Burden of Sciatica on US Medicare Recipients

Joseph P. Maslak, Tyler J. Jenkins, Joseph A. Weiner, Abhishek S. Kannan, Daneel M. Patoli, Michael H. McCarthy, Wellington K. Hsu, Alpesh A. Patel

Research output: Contribution to journalArticlepeer-review

2 Scopus citations


OBJECTIVE: This study evaluates the disease burden of sciatica on the US Medicare cohort. BACKGROUND DATA: Sciatica is a common disability that has important physical, mental, and economic effects. The Medicare Health Outcomes Survey (HOS) is a demographic and outcomes survey used to monitor the performance of Medicare Advantage health plans in the United States. The HOS includes data on demographics, chronic medical conditions, and patient-reported outcomes. METHODS: Medicare HOS data for cohorts from 2007 to 2013 were obtained. Patients were placed into two categories based on the survey results: with or without a history of sciatica. Baseline demographics, chronic medical conditions, and physical health symptoms were aggregated. In addition, average VR-12 physical component summary and mental component summary scores were calculated for each group at baseline and at 2-year follow-up. A Fisher exact test was used to assess significance for categorical variables, and a t-test was used for continuous variables. VR-12 changes as small as 1 to 2 units have been found to be clinically and socially relevant. RESULTS: The baseline cohort data of 1,000,952 patients yielded 250,869 patients (25%) who reported the diagnosis of sciatica, compared with 750,083 patients (75%) without sciatica. Patients with a history of sciatica tended to be younger, less educated, and notably with more medical comorbidities. Physical component summary outcomes were approximately 8 units lower in the sciatica group at baseline and 7 units lower at 2-year follow-up. Mental component summary outcomes were 6 units lower in the sciatica group at baseline and 5 units lower at 2-year follow-up. CONCLUSION: A large percentage of the US Medicare cohort suffers from symptomatic sciatica. Our study identified a 25% prevalence in the Medicare cohort. In addition, sciatica is associated with an increased incidence of comorbid medical conditions and poor health-related quality of life. LEVEL OF EVIDENCE: Level III STUDY DESIGN:: Observational-Cohort Study.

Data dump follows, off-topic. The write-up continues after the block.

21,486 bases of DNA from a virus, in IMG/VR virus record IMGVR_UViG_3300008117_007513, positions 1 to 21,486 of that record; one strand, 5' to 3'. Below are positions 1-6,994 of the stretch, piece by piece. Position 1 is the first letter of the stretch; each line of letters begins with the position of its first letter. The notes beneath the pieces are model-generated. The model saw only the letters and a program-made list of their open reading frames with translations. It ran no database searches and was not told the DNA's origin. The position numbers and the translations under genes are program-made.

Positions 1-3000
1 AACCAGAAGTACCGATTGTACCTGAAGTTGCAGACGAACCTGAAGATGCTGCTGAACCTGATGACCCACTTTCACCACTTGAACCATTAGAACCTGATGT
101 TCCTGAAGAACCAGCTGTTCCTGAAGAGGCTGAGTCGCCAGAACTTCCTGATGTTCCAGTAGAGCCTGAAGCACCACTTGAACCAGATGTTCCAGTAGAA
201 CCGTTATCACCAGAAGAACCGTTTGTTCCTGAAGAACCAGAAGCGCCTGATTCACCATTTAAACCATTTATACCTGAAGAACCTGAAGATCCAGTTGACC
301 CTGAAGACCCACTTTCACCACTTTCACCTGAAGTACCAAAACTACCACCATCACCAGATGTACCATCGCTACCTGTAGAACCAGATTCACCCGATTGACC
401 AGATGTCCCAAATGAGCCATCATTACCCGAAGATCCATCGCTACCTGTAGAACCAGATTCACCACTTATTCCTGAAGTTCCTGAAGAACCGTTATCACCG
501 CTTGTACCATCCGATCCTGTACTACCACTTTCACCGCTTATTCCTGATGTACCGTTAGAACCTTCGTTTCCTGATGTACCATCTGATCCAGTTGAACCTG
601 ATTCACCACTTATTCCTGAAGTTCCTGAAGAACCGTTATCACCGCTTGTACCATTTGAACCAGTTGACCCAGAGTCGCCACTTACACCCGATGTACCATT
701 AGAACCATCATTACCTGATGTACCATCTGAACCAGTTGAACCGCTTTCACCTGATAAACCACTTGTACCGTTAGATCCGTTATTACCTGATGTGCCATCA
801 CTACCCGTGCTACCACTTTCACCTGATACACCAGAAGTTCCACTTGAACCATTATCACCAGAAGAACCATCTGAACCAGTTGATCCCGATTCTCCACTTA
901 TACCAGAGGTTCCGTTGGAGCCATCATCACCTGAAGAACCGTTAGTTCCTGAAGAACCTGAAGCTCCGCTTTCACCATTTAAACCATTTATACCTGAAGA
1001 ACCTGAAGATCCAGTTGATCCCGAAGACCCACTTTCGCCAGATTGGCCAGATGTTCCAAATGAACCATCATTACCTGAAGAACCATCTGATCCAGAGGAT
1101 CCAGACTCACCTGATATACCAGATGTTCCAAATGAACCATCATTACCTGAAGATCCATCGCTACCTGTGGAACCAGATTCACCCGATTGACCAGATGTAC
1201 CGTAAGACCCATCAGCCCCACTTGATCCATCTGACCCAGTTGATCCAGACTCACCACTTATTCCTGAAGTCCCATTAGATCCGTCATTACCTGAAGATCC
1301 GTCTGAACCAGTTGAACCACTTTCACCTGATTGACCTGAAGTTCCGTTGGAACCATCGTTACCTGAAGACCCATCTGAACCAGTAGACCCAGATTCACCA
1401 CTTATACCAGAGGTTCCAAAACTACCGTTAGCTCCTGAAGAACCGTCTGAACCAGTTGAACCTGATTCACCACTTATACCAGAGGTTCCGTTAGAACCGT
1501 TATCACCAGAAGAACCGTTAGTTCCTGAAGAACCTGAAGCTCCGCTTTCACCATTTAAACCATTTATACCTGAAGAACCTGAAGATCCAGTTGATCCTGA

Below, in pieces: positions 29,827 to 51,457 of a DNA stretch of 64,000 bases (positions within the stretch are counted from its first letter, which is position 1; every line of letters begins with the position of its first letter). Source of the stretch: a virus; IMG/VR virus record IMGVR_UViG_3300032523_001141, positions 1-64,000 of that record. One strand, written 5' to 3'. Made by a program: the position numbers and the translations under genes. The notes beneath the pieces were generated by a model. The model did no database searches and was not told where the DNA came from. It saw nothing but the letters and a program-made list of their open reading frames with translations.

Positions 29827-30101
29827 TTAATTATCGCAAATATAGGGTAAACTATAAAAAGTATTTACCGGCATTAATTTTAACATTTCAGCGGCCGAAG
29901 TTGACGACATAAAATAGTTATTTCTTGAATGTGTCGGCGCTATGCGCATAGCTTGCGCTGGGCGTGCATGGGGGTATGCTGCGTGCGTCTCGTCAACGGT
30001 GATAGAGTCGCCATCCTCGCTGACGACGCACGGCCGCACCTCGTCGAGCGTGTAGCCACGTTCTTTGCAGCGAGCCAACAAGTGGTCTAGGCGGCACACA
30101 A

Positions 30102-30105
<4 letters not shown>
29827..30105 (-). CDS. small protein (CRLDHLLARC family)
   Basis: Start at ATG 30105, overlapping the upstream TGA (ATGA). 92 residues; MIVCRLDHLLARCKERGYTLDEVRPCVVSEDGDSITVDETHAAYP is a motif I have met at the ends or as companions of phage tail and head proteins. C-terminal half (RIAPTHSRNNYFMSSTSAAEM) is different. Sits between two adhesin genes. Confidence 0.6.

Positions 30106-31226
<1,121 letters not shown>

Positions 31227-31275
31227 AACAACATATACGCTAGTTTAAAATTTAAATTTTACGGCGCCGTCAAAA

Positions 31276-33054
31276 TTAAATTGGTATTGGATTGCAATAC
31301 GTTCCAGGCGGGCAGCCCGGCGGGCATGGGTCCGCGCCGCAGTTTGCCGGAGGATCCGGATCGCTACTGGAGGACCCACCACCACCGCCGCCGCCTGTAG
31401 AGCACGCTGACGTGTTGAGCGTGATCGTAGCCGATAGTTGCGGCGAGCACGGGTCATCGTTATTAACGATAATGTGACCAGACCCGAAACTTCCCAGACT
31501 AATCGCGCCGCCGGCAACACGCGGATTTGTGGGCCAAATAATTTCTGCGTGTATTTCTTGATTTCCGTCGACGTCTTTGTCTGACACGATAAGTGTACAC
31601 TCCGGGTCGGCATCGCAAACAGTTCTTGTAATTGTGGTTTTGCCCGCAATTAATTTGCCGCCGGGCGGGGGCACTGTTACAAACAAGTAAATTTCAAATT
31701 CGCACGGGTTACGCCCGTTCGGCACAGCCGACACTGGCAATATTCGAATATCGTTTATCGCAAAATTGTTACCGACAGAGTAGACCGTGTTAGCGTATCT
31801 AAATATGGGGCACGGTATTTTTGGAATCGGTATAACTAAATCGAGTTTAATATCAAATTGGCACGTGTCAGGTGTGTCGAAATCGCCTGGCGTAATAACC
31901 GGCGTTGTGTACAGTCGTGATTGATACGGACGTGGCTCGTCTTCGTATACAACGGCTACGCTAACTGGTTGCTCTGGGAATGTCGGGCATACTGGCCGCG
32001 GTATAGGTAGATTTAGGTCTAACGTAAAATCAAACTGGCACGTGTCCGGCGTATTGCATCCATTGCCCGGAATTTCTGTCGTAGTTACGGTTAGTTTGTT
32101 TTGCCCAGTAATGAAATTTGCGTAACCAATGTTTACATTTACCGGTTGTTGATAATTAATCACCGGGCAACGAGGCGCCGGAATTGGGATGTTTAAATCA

Original languageEnglish (US)
Pages (from-to)e433-e439
JournalThe Journal of the American Academy of Orthopaedic Surgeons
Issue number10
StatePublished - May 15 2020

ASJC Scopus subject areas

  • Surgery
  • Orthopedics and Sports Medicine


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